From the director of The Piano comes the story of 19th-century poet John Keats and the love of his life
Wed, Sep 30, 2009 (8:01 p.m.)
Here’s the deal: Either you’re the kind of person who’s going to get excited by a movie about the chaste romance between 19th-century poet John Keats and the love of his life, Fanny Brawne, or you’re not. Let me confess right up front that I am not. Lifestyles of the Dead and Famous isn’t a genre that much appeals to me, mostly because of the way that historical accuracy tends to stifle creativity. For those who dig that sort of thing, however, Bright Star, the first movie in six years directed by Jane Campion (The Piano), does it about as well as it can be done.
Given Campion’s bizarre, hyper-stylized take on Henry James’ The Portrait of a Lady back in 1996, the most surprising thing about Bright Star is how utterly BBC-conventional it is. Ben Whishaw coughs up a storm as the consumptive Keats, while Abbie Cornish, playing Ms. Brawne, alternates between fierce and frail as the tale and 21st-century post-feminism demand. Their tender, unconsummated relationship is pretty much what you’d expect—tremulous, quietly impassioned, self-consciously doomed—and the film as a whole is handsome, intelligent and tasteful to a fault, with no trace of the neo-Gothic fervor that made The Piano such a singular period drama.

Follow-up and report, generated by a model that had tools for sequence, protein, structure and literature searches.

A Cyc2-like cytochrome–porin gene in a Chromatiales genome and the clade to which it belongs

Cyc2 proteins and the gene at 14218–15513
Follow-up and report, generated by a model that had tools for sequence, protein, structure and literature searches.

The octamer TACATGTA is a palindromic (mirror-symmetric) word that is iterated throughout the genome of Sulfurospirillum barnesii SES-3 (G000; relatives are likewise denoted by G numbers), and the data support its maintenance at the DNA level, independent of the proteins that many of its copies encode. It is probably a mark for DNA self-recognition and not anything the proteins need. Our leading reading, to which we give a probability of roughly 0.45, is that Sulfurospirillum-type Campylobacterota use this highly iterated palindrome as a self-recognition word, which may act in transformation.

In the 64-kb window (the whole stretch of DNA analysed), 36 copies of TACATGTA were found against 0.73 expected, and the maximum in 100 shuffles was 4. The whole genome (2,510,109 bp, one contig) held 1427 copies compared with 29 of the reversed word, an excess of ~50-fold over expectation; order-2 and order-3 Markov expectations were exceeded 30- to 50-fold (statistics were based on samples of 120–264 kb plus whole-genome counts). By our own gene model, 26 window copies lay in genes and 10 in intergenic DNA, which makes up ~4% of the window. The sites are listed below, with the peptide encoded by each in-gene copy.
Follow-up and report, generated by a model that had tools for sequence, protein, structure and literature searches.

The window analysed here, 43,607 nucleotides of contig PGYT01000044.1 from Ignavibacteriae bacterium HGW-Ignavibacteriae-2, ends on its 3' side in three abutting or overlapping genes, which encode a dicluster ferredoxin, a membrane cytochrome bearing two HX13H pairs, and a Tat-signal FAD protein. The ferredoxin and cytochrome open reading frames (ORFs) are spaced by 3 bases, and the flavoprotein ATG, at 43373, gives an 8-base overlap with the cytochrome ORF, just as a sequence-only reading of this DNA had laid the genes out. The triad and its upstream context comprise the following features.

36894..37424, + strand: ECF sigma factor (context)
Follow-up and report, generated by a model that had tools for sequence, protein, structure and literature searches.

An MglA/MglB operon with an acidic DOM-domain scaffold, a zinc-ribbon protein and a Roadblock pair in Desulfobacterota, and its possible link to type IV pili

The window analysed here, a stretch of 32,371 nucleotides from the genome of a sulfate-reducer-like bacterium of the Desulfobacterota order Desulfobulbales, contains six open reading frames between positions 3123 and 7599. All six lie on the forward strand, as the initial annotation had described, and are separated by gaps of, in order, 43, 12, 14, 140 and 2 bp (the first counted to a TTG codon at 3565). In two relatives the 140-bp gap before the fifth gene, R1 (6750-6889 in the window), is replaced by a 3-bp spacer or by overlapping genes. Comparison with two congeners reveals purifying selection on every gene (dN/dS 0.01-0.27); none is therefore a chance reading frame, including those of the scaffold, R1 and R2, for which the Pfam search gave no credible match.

What gives Bright Star an occasional shot of unexpected adrenaline is the hilariously gruff performance of Paul Schneider, a rather goofy American actor who’s been oddly but brilliantly cast as Keats’ contemporary and best friend, Charles Armitage Brown. Spitting out his dialogue in a credible Scottish brogue, Schneider often seems to be contemptuous not just of Keats’ dalliance with Brawne, whom he sees as little more than a distraction from his buddy’s genius, but also of the rather staid film in which he’s been inexplicably trapped. For those of us not inclined to swoon when Fanny picks up a copy of Endymion and caresses the opening lines with her tongue, he’s a spectacular distraction of his own.